The biggest Internet companies have been embracing renewable energy for years now. The company that bought the largest amount of clean energy last year was Google, which has three times the renewable capacity of the next biggest user. Other familiar names in the top ten companies in total wind and solar capacity include Amazon, Facebook, Microsoft, and Apple. These companies have been ahead of the pack in looking for sustainable ways to meet their substantial energy needs.
In total, businesses made deals to acquire nearly 3.5 gigawatts of renewable energy last year, and nearly two-thirds of that came from first-time buyers.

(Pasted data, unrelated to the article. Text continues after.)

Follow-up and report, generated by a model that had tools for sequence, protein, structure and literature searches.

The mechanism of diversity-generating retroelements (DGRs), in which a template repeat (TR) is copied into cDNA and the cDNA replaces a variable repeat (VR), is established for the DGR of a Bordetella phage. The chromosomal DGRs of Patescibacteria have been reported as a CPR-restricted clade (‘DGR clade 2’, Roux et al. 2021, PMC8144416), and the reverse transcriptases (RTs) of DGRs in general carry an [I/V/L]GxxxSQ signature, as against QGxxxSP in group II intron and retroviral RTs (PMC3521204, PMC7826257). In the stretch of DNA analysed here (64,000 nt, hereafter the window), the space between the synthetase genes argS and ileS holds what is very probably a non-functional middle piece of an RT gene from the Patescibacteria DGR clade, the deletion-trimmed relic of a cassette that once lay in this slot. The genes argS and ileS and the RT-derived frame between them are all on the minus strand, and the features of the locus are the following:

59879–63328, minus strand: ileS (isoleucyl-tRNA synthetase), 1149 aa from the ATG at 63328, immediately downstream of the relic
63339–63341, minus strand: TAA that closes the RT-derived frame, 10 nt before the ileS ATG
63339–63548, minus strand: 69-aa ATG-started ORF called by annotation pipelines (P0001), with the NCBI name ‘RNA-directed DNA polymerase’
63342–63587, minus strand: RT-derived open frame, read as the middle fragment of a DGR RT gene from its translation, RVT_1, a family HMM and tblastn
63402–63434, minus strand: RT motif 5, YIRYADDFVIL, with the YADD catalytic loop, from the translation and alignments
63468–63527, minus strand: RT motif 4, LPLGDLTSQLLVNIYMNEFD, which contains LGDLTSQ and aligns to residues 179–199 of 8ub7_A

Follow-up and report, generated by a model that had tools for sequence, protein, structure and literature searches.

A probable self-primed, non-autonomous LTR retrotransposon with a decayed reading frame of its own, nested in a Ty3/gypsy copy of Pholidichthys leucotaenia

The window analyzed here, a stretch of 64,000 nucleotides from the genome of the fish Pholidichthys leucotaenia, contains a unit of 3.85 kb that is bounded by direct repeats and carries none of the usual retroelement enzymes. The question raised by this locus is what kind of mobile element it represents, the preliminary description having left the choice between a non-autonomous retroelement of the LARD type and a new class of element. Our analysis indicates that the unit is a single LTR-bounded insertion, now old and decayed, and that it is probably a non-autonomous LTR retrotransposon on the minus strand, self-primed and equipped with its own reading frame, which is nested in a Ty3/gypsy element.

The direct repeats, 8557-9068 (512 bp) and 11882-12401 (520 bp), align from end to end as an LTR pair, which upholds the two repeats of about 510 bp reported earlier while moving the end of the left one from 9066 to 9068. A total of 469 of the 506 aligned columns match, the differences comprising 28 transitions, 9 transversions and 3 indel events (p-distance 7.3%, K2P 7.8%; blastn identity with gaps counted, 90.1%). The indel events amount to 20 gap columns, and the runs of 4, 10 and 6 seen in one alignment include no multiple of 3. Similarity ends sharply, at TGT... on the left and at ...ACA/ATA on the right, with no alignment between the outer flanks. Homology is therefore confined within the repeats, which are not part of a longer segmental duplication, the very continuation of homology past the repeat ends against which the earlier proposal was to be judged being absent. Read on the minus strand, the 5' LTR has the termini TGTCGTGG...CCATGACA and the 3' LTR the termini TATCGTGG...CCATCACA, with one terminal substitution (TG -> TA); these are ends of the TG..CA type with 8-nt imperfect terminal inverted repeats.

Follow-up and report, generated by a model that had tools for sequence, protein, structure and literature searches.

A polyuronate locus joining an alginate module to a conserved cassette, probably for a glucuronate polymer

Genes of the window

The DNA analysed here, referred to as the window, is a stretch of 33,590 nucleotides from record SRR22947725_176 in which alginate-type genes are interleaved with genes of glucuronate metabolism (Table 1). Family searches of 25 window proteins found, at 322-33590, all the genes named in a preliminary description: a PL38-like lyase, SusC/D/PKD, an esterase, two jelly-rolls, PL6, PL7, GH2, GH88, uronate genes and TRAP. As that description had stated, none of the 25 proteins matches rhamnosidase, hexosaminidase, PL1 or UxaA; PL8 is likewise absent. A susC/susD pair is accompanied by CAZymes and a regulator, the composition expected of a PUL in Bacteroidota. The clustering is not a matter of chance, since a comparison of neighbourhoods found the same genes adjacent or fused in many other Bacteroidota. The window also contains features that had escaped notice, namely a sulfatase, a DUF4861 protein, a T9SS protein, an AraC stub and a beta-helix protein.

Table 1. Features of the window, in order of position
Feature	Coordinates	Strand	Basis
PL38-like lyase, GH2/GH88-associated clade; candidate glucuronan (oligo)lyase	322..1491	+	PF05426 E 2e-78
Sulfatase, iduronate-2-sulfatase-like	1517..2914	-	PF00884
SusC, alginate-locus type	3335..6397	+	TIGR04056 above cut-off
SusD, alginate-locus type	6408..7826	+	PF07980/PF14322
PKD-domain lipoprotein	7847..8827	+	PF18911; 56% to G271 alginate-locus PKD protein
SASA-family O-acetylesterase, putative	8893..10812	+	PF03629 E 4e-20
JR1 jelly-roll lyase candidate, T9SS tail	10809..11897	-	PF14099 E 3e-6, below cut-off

Perhaps surprisingly, there are a number of long-established companies who have gotten into renewables in a big way. Among the newbies in 2015 are Owens Corning, Lockheed Martin, and Dow Chemical. These old-school companies are aggressively moving forward to cut greenhouse gas emissions even though the Obama administration’s Clean Power Plan is currently hung up in the courts.
The pressure to cut back on planet-warming pollution for these companies is not coming so much from the government; it is coming from shareholders. Company management is hearing from investors that they want the companies to have a strong sustainability mindset.
Prices on both solar and wind power have been falling rapidly and agreements that provide power at predictable prices over time frames of 15 years or more create an attractive opportunity for companies. Large companies sometimes embraced green causes primarily for marketing purposes. It always looked look in advertising. But the economics of renewable energy is becoming an argument that wins on the bottom line.
Photo, posted June 28, 2009, courtesy of Avinash Kaushik via Flickr.